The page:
Talks between bosses and workers on reforming occupational pensions (OP) have resulted in a compromise, with both sides appearing satisfied.This content was published on July 2, 2019 - 16:07
“The negotiations, which have gone on for more than a year, are practical, respectful and goal-oriented,” said Valentin Vogt, president of the Swiss Employers Association, on Tuesday. “It’s a real compromise. That fills me with pride.”
Vogt managed to get the trade unions to agree to reducing the minimum conversion rate in compulsory occupational pension schemes from 6.8% to 6%. As a result, 12% of the pension has gone. The reduction has already failed twice at the polls following resistance from the left.
Currently, several billion francs have to be redistributed annually in occupational pension plans because the pension promises cannot be covered by the existing OP retirement assets. The main reasons are rising life expectancy and lower investment income.
“We have to accept the reduction,” said Pierre-Yves Maillard, president of the Trade Union Federation. He added that, unlike previously, it will now be compensated.
Vogt has also had to make concessions. One is a solidarity-financed pension supplement for future pensioners. This will be financed by a wage contribution of 0.5% on incomes up to CHF853,200 ($863,200).
This will benefit lower-income and part-time employees immediately. It will also preserve the pension level of a transitional generation of 15 years. After that, the government is to decide annually on the amount of the pension supplement.
The trade union negotiators have also made significant improvements for part-time workers and low-income workers, especially women.
The coordination deduction, which determines the insured salary, is to be halved to CHF12,443. The consequence of this is a higher insured salary, which benefits part-time employees in particular.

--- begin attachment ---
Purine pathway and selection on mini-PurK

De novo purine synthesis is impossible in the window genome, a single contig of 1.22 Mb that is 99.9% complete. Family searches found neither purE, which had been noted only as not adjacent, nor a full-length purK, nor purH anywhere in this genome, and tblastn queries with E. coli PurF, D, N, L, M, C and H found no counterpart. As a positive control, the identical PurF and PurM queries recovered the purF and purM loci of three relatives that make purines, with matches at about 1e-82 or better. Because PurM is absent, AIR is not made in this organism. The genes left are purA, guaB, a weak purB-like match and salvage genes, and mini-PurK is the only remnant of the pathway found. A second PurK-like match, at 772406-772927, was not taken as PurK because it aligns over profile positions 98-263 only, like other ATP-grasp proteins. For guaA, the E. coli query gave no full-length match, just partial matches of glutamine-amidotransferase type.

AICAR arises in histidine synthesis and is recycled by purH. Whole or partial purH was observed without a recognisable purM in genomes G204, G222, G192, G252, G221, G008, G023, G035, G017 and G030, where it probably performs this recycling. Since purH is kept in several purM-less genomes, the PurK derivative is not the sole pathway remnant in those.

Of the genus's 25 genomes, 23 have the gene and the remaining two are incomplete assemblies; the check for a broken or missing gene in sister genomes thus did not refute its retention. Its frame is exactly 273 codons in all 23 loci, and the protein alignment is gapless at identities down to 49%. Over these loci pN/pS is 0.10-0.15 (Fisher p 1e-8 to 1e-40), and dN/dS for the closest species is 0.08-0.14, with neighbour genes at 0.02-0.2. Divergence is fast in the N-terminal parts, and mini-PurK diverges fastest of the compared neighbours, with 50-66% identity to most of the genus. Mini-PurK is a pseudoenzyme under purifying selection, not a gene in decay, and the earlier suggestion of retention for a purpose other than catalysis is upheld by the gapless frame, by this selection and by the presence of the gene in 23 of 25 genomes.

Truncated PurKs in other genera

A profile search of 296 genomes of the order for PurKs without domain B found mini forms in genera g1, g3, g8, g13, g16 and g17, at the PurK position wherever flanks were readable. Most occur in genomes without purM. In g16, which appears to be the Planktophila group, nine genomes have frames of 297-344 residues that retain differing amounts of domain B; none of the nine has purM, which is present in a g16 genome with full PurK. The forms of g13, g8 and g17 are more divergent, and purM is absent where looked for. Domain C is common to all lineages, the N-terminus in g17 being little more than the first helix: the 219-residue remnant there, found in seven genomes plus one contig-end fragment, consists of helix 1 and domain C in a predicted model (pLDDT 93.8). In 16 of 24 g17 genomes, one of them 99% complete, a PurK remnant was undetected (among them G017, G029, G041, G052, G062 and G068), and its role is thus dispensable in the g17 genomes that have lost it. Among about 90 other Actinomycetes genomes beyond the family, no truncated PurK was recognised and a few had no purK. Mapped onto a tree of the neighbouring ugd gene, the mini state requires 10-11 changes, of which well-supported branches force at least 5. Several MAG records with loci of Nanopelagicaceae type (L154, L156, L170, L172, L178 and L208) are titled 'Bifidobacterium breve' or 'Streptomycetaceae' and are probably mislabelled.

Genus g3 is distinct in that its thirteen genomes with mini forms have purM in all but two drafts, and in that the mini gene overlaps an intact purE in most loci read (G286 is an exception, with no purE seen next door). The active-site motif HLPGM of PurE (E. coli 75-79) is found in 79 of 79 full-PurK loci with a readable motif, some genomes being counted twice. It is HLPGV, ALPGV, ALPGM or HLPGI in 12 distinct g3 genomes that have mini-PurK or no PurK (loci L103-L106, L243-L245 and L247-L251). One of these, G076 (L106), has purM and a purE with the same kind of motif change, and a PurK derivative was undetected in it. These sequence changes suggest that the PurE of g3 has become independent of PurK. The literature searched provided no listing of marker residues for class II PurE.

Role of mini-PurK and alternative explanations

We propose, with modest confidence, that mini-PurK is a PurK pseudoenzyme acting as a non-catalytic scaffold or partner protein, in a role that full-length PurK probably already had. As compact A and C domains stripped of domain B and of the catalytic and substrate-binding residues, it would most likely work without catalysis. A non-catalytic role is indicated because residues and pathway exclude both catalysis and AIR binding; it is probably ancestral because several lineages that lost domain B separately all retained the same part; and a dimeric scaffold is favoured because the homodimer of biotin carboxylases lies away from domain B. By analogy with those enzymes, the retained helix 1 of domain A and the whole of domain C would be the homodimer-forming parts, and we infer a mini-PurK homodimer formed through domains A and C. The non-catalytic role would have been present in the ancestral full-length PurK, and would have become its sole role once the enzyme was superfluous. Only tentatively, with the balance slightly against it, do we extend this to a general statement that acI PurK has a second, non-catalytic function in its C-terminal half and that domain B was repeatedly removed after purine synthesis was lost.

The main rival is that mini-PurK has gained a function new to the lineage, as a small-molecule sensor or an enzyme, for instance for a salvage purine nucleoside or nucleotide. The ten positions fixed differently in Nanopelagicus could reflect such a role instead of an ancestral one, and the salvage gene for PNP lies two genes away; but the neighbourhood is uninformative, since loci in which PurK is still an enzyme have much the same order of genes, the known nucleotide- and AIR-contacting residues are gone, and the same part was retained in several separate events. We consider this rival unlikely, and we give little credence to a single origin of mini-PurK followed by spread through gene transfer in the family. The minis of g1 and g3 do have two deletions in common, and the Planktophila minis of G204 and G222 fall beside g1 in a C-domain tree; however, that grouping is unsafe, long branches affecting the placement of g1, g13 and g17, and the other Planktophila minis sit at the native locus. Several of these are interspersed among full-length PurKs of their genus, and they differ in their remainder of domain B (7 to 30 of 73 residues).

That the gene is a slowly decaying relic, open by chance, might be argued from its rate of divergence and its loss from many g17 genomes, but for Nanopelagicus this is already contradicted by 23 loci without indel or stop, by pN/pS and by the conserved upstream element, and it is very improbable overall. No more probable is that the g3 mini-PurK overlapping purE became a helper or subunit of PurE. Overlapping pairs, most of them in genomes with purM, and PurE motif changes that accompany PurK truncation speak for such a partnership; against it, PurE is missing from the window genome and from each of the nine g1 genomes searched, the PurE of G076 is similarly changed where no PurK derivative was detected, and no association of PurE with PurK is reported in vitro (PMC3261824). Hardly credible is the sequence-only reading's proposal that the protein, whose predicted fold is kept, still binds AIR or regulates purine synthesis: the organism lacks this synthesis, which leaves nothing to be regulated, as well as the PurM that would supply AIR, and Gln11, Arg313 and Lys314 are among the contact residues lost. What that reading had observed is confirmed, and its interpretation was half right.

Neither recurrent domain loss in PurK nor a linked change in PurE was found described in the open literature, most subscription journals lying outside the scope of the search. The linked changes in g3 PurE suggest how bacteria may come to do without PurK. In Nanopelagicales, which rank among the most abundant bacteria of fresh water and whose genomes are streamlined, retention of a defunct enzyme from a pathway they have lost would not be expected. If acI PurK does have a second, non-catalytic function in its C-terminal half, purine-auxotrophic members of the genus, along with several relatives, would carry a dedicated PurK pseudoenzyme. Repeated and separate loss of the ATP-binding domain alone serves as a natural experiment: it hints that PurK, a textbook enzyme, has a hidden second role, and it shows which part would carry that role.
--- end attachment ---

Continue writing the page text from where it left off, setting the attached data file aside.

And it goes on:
“This better reflects today’s realities in the labour market,” said Adrian Wüthrich, president of the Travail Suisse union.
The entry threshold remains at CHF21,330, so nothing changes for employees with multiple incomes. For this purpose, the wage contributions will be adjusted so that older employees become significantly more competitive compared to today.
Currently, the old-age bonuses are 15% for 45- to 54-year-olds and 18% for older employees. In the future, they should amount to 14% of the insured salary for both age groups. As a countermove, the contributions for younger employees will tend to increase. In future, there will only be two age categories.
The additional costs amount to CHF2.7 billion or 0.9% of wages. Vogt spoke of “good cost-effectiveness”, which was also acceptable for small and medium-sized companies.
Maillard pointed out that with the compromise the pension level would be maintained, sometimes even increased. Someone would have to pay for that though, he said. “There are no miracles.”
On Tuesday the two sides handed over their proposal for OP reform to Interior Minister Alain Berset. He had asked them to find a solution after the failure of the previous pension reform in September 2017.
The government must now decide whether to submit the proposal to parliament. Voters are likely to have the final say on the issue in a nationwide ballot.
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